While the majority of investment has historically gone to North American biotech companies, investors are also showing increasing interest in biotech companies in the Asia Pacific, which will attract US$700 million and US$23.5 billion in 2010 and 2020, respectively, representing a compound annual growth rate of 42.5%.

Biotechnology innovation and research on the fast track of development

Despite the impact of the new crown epidemic pandemic that began early last year, the number of domestic biotech-related cross-border deals increased in 2020 compared to 2019 and even surpassed 2018. The tracking report shows that the biopharmaceutical and biotech sectors are the main reason for the rebound in deals.

With nine domestic biotech inbound deals last year involving financing from global private equity/venture capital houses and an average deal value of over US$150 million, the inflow of global capital also demonstrates the confidence of international private equity houses in China’s biopharmaceutical and biotech sectors.

This trend also indicates that the Chinese biopharmaceutical market continues to receive attention and investment from global biotech giants. The ability to out-license in international markets has become a critical competency for biopharmaceutical companies.

In recent years, the government has placed increasing emphasis on encouraging innovation in the healthcare industry. And the momentum of innovation in the industry has not stopped in the face of the difficulties caused by the new epidemic since last year, with innovation becoming the new normal in the Chinese pharmaceutical market. Right now, innovation in China’s life sciences and biopharmaceutical development has shifted from “rapid follow-through” to “full-scale innovation” and is on its way to becoming a global “best-in-class”.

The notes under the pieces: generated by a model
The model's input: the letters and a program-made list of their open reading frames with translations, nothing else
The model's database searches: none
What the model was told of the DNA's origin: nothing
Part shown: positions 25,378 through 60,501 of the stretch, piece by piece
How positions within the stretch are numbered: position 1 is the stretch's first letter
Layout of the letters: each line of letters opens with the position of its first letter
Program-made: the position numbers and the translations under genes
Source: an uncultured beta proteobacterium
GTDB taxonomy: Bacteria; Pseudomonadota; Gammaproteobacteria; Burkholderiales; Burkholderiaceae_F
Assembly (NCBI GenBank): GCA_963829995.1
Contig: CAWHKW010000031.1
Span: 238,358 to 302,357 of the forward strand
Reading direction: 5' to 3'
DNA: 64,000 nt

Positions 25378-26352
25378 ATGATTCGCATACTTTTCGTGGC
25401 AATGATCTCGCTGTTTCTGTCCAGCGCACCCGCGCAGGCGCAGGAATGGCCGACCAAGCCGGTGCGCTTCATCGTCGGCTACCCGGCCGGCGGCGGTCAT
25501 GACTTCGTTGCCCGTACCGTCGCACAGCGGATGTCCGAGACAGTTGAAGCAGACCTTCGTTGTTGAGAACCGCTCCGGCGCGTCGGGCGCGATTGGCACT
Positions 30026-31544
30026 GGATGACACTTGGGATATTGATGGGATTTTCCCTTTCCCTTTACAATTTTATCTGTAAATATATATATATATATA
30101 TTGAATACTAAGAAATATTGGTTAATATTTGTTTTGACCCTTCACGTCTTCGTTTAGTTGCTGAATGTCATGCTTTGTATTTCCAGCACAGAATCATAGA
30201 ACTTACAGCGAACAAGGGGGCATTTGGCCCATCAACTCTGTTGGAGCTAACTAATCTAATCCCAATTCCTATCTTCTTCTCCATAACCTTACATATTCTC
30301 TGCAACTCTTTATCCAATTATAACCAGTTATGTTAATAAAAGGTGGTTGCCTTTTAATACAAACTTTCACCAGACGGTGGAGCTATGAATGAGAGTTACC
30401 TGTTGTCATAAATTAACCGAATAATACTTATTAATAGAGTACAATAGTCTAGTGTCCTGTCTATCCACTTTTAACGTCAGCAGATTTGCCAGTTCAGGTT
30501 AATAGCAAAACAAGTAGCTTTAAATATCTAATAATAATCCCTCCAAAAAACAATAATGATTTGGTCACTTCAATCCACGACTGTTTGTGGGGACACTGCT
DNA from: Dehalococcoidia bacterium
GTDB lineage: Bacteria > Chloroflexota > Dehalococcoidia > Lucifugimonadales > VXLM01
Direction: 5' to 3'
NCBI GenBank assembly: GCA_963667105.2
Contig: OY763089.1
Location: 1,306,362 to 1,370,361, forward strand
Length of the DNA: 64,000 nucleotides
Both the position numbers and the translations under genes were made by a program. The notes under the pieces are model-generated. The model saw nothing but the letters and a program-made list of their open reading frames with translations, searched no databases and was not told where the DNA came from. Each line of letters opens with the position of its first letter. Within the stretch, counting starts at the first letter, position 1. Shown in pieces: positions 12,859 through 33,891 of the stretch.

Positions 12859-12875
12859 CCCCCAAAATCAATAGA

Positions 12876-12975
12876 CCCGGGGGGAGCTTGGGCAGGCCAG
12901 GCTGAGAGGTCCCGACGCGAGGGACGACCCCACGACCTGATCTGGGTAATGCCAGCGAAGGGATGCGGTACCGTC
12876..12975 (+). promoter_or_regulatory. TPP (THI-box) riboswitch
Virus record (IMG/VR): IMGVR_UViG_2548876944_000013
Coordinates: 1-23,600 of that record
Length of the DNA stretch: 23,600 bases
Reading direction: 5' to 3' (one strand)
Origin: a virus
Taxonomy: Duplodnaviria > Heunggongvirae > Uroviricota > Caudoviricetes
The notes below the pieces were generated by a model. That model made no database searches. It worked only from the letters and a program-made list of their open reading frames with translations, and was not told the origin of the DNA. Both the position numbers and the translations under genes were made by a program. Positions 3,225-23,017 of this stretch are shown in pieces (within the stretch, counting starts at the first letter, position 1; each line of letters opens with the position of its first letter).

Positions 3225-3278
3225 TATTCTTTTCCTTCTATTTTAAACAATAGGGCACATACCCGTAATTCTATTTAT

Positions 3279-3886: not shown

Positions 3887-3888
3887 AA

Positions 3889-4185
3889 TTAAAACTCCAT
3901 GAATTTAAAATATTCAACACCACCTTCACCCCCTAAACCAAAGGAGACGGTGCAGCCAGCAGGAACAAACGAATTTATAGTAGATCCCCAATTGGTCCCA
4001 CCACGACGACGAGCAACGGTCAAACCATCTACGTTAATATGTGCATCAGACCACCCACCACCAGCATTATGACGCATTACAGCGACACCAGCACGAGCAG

Thus, driven by favourable government policy support and the emerging cell and gene therapy market, companies are increasingly focusing on innovative drugs and expanding their R&D capabilities and product lines. Strengthening R&D capabilities for innovative medicines and broadening product lines have been the driving force behind M&A activity in the biopharmaceutical and biotechnology segments in 2020.

HKND with YB1 actively competes in the new drug creation circuit.

In this context, several new innovative biotechnology companies have emerged in the industry. As the world’s first Salmonella drug delivery bacterial vector YB1, HK Pharma Lysozyme has also recently attracted widespread attention from the industry with its groundbreaking and innovative technological research results.

As a scientific and innovative R&D company focusing on developing and applying biomolecular drug delivery systems.we are developing YB1 lytic bacterial therapies for cancer immunotherapy and bacterial lytic therapies for antithrombotic therapy using our core technology product, YB1, a large molecule drug delivery vehicle.

The company’s research has demonstrated that YB1 is influential in delivering a wide range of large molecule anti-cancer drugs such as protein, mRNA vaccines, antibodies, and lysozyme viruses. It can carry a variety of thrombolytic therapeutic medications for the treatment of many types of thrombotic disorders.

The results of the R&D team’s experimental studies show that YB1 has strong technical compatibility with chemical drugs, immune checkpoint antibodies and cellular technologies such as CAR-T, increasing efficacy and diversifying product pipeline design.

We currently have several pipelines of products in development for YB1 applications, including seven YB1 oncolytic bacterial pipelines for sarcoma, melanoma and other solid tumours. And three YB1thrombolytic bacterial pipelines for YB1-carrying recombinant urokinase (rt-PA), YB1-carrying recombinant defibrinogenase and YB1-carrying fibrinolytic enzyme (plasmin). plasmin) in development for various thrombotic diseases.

As the YB1 technology matures and more innovative biotech companies in the industry move into broader markets, the global biotech and healthcare sectors will usher in a new era, and we look forward to a new round of industry explosion in the global biotech sector.